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Onayum Attukuttiyum – The Violence of the Lambs

September 30, 2013 by Ajay

Starting with the much clichéd ‘people passing by the man dying on the road’, the first few minutes of Onayum Attukuttiyum didn’t impress much. I wonder why everyone becomes a cold-hearted jerk when it comes to helping a wounded man on the road. Starting from the guy who takes a picture of the man to ‘post it on Facebook’ to the police officer who steals his watch instead of filing a complaint, we have to put up with the same crap for some time until the typical ‘Mysskin character’ (a beggar or a physically or mentally disabled man) comes out of nowhere to help out the lone protagonist trying to save the man. This is when the director makes an entrance. Mysskin can even show his name during these scenes in all his movies like Bhagyaraj or T.Rajendar used to do.

Onaiyum Aatukuttiyum

The movie has Mysskin’s irreverence painted all over it. It has a medical college drug addict student performing a splenectomy on a much wanted hit-man who has just escaped from the police, that student’s professor who guides him through the operation despite having his father’s (?) dead body in his house, the over-acting villain who always carries a catheter in his hands and his two ‘bodyguards’, and many such characters which can be created only by him.

The lighting was perfect all over the movie even though everything happens in a single night. There weren’t any blacked out scenes and the audience didn’t have to search for people on the screen. It also has the Mysskin’s signature man-sitting-below-a-street-light scene. In each and every scene someone dies. There aren’t any slow/dramatic deaths in the movie (except maybe for the transgender’s which also didn’t have any dying speeches). Everyone dies almost instantly and every time a character who isn’t of much importance in the movie dies, he screams either ‘karthare’ or ‘ayyo’  or ‘ethukku da’ etc.(any subtle metaphor?)

Mysskin prefers to keep the audience in suspense until the final scene where some key character explains why everything is happening. I was hoping this movie wouldn’t have any flashback at all. Even though it was almost predictable, I thought letting the audience have their own theories would be more effective. But then he again proved me wrong by having a brilliantly narrated Amar Chitra Katha type flashback. He has not only saved money by avoiding shooting some unwanted vintage filtered flashback footage, he has also made the audience think.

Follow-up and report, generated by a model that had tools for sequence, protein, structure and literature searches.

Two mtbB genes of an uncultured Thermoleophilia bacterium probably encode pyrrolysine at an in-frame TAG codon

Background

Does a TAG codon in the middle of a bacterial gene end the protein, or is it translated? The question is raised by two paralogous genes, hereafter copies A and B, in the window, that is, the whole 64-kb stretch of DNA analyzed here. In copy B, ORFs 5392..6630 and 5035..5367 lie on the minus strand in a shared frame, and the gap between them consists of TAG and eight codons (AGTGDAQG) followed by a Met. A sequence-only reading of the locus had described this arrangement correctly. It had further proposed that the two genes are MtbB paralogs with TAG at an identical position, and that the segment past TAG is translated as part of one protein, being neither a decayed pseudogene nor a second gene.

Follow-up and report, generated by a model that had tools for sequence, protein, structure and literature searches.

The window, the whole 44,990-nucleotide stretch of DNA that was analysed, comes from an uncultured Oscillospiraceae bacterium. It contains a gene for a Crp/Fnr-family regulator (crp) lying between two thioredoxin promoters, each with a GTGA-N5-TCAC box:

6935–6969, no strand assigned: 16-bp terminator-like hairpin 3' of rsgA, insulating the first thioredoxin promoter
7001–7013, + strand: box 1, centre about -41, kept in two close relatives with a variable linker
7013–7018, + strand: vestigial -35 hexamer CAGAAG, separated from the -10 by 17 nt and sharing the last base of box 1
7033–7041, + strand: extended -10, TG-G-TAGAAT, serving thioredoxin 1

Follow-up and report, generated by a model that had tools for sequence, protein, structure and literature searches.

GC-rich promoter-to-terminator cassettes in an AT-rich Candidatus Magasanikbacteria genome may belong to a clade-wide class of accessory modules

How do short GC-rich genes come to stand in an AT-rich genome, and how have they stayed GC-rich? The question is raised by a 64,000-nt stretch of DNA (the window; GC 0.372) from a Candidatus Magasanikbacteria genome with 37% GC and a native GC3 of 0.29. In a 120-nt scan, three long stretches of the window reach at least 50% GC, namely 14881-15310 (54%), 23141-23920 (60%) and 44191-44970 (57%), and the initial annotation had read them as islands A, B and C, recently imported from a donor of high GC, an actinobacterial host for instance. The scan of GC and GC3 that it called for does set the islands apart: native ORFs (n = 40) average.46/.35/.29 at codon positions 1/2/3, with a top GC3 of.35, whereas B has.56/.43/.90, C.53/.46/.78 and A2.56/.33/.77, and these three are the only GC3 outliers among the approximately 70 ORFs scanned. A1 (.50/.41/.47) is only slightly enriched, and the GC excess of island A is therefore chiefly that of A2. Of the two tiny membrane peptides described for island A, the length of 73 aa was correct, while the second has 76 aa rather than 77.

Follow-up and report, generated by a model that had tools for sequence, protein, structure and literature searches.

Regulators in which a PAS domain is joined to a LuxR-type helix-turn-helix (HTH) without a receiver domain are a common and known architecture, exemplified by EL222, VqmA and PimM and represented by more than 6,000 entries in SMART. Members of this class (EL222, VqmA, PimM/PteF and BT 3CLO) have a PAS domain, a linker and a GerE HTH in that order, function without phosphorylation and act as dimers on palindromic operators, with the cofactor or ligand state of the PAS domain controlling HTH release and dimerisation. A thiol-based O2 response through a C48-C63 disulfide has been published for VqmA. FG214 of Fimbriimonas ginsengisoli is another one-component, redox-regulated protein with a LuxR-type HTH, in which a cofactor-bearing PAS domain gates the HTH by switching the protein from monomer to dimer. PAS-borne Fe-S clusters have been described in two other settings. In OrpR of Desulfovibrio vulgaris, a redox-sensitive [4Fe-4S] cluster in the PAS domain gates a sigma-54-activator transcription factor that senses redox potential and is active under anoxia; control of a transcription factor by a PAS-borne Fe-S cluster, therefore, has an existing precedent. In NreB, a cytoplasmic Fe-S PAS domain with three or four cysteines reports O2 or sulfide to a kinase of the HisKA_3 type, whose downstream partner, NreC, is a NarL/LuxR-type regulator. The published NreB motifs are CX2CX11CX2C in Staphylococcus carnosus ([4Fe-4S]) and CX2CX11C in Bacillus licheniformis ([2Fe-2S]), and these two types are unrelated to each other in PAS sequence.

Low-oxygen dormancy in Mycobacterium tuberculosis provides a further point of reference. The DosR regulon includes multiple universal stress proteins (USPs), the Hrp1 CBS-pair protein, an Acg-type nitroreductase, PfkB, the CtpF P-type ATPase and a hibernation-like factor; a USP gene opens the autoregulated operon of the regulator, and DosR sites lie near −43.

Nothing is explained in the movie directly. No one is given a proper introduction of any sort. But still the audience understand everything. This is where the writer shows his brilliance. The audience will have numerous questions in the beginning. Who is this guy? Why is he saving these people? How did he get this information? How did he pull this stunt? Usually there will be someone in every scene who asks these questions for the audience and we will be made to sit though some lame explanation. But Mysskin doesn’t do that. He believed that the audience are also intelligent and can understand things even without explanation.

But we are still left with some unanswered questions like what happens to the attukutti’s family? Why aren’t the police arresting him? Why is the city so deserted? How is the villain so active when he can’t even piss on his own? Why did I choose to watch this movie even after experiencing Mugamoodi? (Okay this was answered). And we tend to ignore these questions. We forgive him for the awesome thriller that he has given us after a very long time. I’m not a big fan of the audience-hating directors but as long as they make movies like this, I have no problem with them.

P.S.: I’ve refrained myself from talking about the various metaphors in the movie and the brilliant BGM by Ilayaraja as I’m not quite intellectually capable of noticing those things upon first viewing.

Onayum Atukuttiyum – The lone wolf amidst all the full length comedy movies